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Director - Factual category nominees reveal tricks of their trade

6 May 2016

James Rampton talks to the nominees in the Director: Factual category from this year's TV Craft Awards.

Event: British Academy Television Craft AwardsDate: 24 April 2016Venue: The Brewery, LondonHost: Stephen Mangan-Area: PRESS ROOM

BAFTA-winning actress Cate Blanchett once declared that “when you're directing something, you absolutely have to be involved in all layers of the process.”

This is conventional wisdom particularly for auteur directors in film and drama but it applies equally to the four nominees in the Director: Factual category of the British Academy Television Craft Awards. They have all produced quite outstanding work by totally immersing themselves in the creative endeavour of making a film.

Dave Nath, who won for his stunning direction on the documentary series The Murder Detectives, expresses his delight at the award. “It’s just a real recognition that the work you’re doing is acknowledged amongst your peers as the best thing you could do. It’s a huge affirmation.”

One of the reasons why Nath’s work may stand out is that he never rests on his laurels; he is constantly looking for innovative ways to shoot his documentaries. He explains that “I want to reinvent the way I make my films all the time. I feel like I always have to extend the boundaries on a documentary. It’s a form where you need to push against the established norms of what people say you can and can’t do. In my view, the only rule on documentaries is being faithful to the truth. So that means the style and grammar of documentary filmmaking is up for grabs.”

That also means that Nath takes special care over the way his films look. “As I got older, I pay more attention to the visual aesthetics of documentaries. We are making films and they should be rich, enticing and compelling visually, as well as telling a gripping story. I wanted The Murder Detectives to feel like a drama because the world of a murder investigation is inherently dramatic.”

James Newton, who directed the fascinating series The Detectives, thinks it is vital to win the trust of those who are filming. “The key to working with the police is that you have to spend a lot of time with them. You have to put in the hours. It’s all about access. But once they trust you and allow you in, it’s all there for you.”

Newton continues that documentaries are at their most effective when they are unpredictable. “The best stories for documentaries are where people don’t know what’s going to happen next. Your lead characters don’t know what’s going to be thrown in front of them. That’s why detective stories are so good. With detectives, you don’t know where it’s going to lead when that call comes in. That’s very exciting.”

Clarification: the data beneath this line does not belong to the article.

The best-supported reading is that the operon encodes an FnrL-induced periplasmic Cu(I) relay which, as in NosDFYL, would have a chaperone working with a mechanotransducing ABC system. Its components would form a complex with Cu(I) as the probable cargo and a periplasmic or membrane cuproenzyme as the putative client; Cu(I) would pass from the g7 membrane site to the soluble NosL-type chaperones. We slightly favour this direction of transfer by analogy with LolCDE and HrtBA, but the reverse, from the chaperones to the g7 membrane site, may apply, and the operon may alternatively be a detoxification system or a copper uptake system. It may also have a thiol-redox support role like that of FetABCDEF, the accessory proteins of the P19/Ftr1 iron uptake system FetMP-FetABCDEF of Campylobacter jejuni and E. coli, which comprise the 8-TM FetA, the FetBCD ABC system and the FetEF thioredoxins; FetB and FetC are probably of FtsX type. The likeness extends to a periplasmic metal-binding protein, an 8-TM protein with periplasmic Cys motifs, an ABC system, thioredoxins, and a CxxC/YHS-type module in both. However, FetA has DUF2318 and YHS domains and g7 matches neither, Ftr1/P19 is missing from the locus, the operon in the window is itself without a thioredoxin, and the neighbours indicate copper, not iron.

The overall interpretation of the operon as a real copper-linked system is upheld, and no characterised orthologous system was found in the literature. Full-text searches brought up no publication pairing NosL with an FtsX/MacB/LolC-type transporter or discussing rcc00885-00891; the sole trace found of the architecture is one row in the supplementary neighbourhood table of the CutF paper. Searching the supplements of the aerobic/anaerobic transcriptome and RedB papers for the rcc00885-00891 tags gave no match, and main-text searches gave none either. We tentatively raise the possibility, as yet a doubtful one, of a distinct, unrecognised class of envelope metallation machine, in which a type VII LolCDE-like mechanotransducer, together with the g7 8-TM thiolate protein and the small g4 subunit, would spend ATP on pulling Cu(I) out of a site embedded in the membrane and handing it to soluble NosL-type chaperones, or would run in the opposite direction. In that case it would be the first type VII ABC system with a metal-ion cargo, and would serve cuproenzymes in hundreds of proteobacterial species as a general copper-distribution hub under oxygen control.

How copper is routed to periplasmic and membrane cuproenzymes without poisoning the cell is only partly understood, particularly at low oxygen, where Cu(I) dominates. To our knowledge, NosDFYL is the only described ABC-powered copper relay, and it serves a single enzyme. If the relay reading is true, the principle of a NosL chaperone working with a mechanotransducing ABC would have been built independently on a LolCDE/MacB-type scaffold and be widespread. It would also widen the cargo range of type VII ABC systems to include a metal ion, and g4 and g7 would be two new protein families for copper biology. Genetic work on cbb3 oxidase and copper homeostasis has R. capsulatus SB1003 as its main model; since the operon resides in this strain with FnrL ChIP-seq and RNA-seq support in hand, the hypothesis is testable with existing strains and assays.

Ursula Macfarlane, who directed the riveting documentary Charlie Hebdo: Three Days That Shook Paris, also took enormous trouble to get her film right. She reveals that with such a sensitive subject as the terrorist attacks on the satirical magazine in Paris, “you don’t want to feel like a vulture. So we had to take great care and make sure that people felt at ease with us."

We spent a lot of time talking to them before we even filmed them. Even though we wanted to get the film out quickly, we had to make them feel comfortable with us. I was very aware that we had to tread very carefully. But I felt very honoured that the people spoke to us.

The film’s look is very compelling, too. As Macfarlane explains: “Neil Harvey, who shot it, is a long-time collaborator of mine. We talked a lot beforehand about tone. The gendarmes were saying to us that this could happen again. So we wanted to create the impression of a city in peril. The film has a nervy feel which was done through the grade, the colour and the slightly unsettling way Neil framed the interviewees.” The result is a profound and affecting examination of a tragedy.

In the same way, director Adam Jessel handled a very difficult subject with extreme sensitivity in Professor Green: Suicide and Me, in which the musician explored why his father committed suicide and why suicide is the major killer of men under 45. The critics lined up to praise the documentary. For instance, the Radio Times said: “It’s a must-see film, moving, revealing and ultimately uplifting.”

Macfarlane concludes by offering advice to up-and-coming documentary makers. “Be really passionate, nosy and curious. In preproduction, I’m a research nerd. Then when I arrive on the shoot, I tear all that up. The thing I love about documentary-making is that you never know what will happen when you’re filming. ‘Oh, actually the story is not that, it’s this’. Go out there and follow your nose!”